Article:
I have no green thumb at all. I once killed a fake tree. Yes I killed a fake tree, it turned brown and the leaves fell off. My mom took it back. I have been doing my best to keep mil's plants alive. But...... My idea of gardening? I throw it outside, if it's lucky I actually plant it in a hole, if not maybe my mom takes pity on the plant or hubby does and plants it. Otherwise it's between it and God if it lives. I don't water or weed or in general do anything else. I'm one of those who finds dirty iky. It's not restful, it's not relaxing, it just means I'm dirty and needy a bad.LOL And I'm not even a girly girl. Sad huh? My mom loves to grow things and have the greenest thumb in the world. She can make anything grow or come back to life, me. I look at it and it's most likely to die.LOL

hugs,
WendyK

Susan Kay Law said...

OH, that's very cute!

I have a horrible black thumb. I kill everything. My parents, on the other hand, are excellent gardeners.

My children like to fancy they inherited from their grandparents. So we have a few plants around the house that I am not allowed to touch.

Come to think of it, there are a lot of things around the house I'm not allowed to touch, since I'm not allowed anywhere near any of their electronic gear, either.

Susie

Michele Hauf said...

The medicine wheel garden sounds cool, Kathy!

Christie, the plumeria sounds lovely. I bet you can grow succulents in your neck of the woods?

Wendy, I'm with you on hating on the dirty. I don't garden to the extent where I get dirt under my fingernails. And if I do? I have to stop and go in and wash my hands. I know. Pitiful.

Your children are wise, Susie. My kids usually won't let me touch their laundry. Hey, what's wrong with pink athletic socks and boxer shorts?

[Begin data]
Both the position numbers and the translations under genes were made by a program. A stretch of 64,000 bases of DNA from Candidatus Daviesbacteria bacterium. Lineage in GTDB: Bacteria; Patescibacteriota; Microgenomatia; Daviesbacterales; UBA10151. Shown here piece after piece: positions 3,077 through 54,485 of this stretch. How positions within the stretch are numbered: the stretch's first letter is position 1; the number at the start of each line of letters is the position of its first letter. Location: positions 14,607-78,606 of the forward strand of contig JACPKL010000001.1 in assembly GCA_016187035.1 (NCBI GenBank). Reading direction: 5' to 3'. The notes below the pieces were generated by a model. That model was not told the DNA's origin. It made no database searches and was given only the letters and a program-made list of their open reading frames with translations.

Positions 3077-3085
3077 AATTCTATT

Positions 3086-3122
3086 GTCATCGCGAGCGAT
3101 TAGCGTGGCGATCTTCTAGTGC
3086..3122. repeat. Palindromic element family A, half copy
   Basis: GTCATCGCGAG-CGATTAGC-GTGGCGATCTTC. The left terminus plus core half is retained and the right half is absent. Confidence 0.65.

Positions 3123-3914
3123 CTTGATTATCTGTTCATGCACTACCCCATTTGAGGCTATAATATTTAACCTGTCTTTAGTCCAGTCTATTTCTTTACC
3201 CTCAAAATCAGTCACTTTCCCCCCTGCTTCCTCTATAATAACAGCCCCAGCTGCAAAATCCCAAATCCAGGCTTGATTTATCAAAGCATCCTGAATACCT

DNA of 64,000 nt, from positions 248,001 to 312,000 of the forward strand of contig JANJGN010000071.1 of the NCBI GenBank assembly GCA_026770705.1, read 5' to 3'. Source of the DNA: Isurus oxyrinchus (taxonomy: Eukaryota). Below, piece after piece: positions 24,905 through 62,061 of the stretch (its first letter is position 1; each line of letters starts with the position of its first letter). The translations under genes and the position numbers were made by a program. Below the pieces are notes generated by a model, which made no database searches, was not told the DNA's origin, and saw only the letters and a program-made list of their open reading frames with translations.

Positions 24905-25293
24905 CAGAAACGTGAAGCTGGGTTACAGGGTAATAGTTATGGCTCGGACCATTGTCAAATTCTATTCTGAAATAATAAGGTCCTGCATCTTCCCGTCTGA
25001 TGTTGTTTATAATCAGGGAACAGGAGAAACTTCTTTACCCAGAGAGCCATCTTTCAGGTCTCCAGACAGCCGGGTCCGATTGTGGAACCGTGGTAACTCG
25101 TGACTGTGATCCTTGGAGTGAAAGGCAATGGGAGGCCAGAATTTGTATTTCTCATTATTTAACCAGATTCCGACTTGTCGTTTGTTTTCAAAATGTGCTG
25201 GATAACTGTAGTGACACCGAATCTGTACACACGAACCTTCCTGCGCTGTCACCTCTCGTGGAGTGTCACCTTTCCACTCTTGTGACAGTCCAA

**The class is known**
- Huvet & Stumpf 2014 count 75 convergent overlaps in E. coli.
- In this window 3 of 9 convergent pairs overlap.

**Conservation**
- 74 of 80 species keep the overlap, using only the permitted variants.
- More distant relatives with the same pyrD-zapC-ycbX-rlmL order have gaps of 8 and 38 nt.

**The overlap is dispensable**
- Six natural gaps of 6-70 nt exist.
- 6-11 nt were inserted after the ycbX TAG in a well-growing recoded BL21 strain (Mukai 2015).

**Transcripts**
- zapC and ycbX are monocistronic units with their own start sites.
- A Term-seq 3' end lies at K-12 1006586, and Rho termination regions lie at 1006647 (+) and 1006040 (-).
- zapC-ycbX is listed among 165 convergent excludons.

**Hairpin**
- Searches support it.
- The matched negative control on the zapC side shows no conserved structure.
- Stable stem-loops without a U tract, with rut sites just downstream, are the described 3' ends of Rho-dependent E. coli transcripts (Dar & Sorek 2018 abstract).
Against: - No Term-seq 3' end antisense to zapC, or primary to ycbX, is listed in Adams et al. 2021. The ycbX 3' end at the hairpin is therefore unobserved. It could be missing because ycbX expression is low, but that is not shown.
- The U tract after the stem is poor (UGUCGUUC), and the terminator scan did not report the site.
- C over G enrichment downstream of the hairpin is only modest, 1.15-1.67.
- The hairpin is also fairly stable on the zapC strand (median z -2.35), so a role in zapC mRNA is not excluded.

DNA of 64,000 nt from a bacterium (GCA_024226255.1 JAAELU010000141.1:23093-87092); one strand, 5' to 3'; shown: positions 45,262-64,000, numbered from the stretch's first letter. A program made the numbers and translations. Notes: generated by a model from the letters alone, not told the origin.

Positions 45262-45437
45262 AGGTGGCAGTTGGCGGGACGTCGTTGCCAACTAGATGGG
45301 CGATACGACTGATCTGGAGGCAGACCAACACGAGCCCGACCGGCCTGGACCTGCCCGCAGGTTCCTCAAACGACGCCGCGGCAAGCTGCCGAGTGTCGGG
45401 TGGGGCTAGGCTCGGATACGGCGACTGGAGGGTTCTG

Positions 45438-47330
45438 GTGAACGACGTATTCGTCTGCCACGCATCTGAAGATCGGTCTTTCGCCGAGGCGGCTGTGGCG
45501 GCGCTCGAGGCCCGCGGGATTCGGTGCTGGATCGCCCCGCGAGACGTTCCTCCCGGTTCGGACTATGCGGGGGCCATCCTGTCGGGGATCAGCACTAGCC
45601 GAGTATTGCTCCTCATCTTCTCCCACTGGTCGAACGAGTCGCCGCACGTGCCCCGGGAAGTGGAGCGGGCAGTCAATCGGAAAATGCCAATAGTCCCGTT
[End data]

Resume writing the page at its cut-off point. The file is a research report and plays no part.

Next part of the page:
Megan Hart said...

I love the fairy house!

I live in the woods, smack dab in the middle and my house has sunshine but very little direct sun, so it's...dim inside. Which isn't good for plants. Outside, it's a wild, crazy mess because I don't have a yard, just a bunch of stuff that will come back every year because I don't do annuals. Haha. I love living in the woods, though, it's all green and pretty in the summer and nobody can see our house.

And my lilacs, after 8 years, FINALLY bloomed!!!

M

Michele Hauf said...

Wow, it took 8 years for the lilacs? You're a very patient woman! I'd love to live in the woods. I'd even take the woodticks for the privacy you'd have.

The other M

Michele Hauf said...
This comment has been removed by the author.
Megan Hart said...

Yeah, we've been in this house for 8 years. Our other house (only one street away) had a gorgeous lilac bush. When we moved in here, I planted three, thinking they'd do well. This was the first year all of them got flowers and more than one flower. But I love the smell of lilacs -- I have lavender, too, all over the place. And huge butterfly bushes. But everything is overgrown and wild. I like it that way.

And ticks....yeah, urg...it's a problem. I got Lyme Disease from one. Very traumatic. I'm constantly checking the kids for ticks.

The other other M

Fiona said...

I have few talents, but I do have a greenish thumb. I am a MN transplant and could not get through the LONG winters without my houseplants. Many of them are herbs. I have a sage plant that is a bush in the dining room, and the kitchen has basil, oregano, parsley, thyme and rosemary. The guest room has lavender and the main bathroom is full of orchids.

I grow rye grass for the cats. I start it in the tiny window in the laundry room and move it to the living room when it's big enough to munch on.

I love your fairy garden. That would be the perfect thing for the table on the deck. I will have to visit the farmer's market this weekend.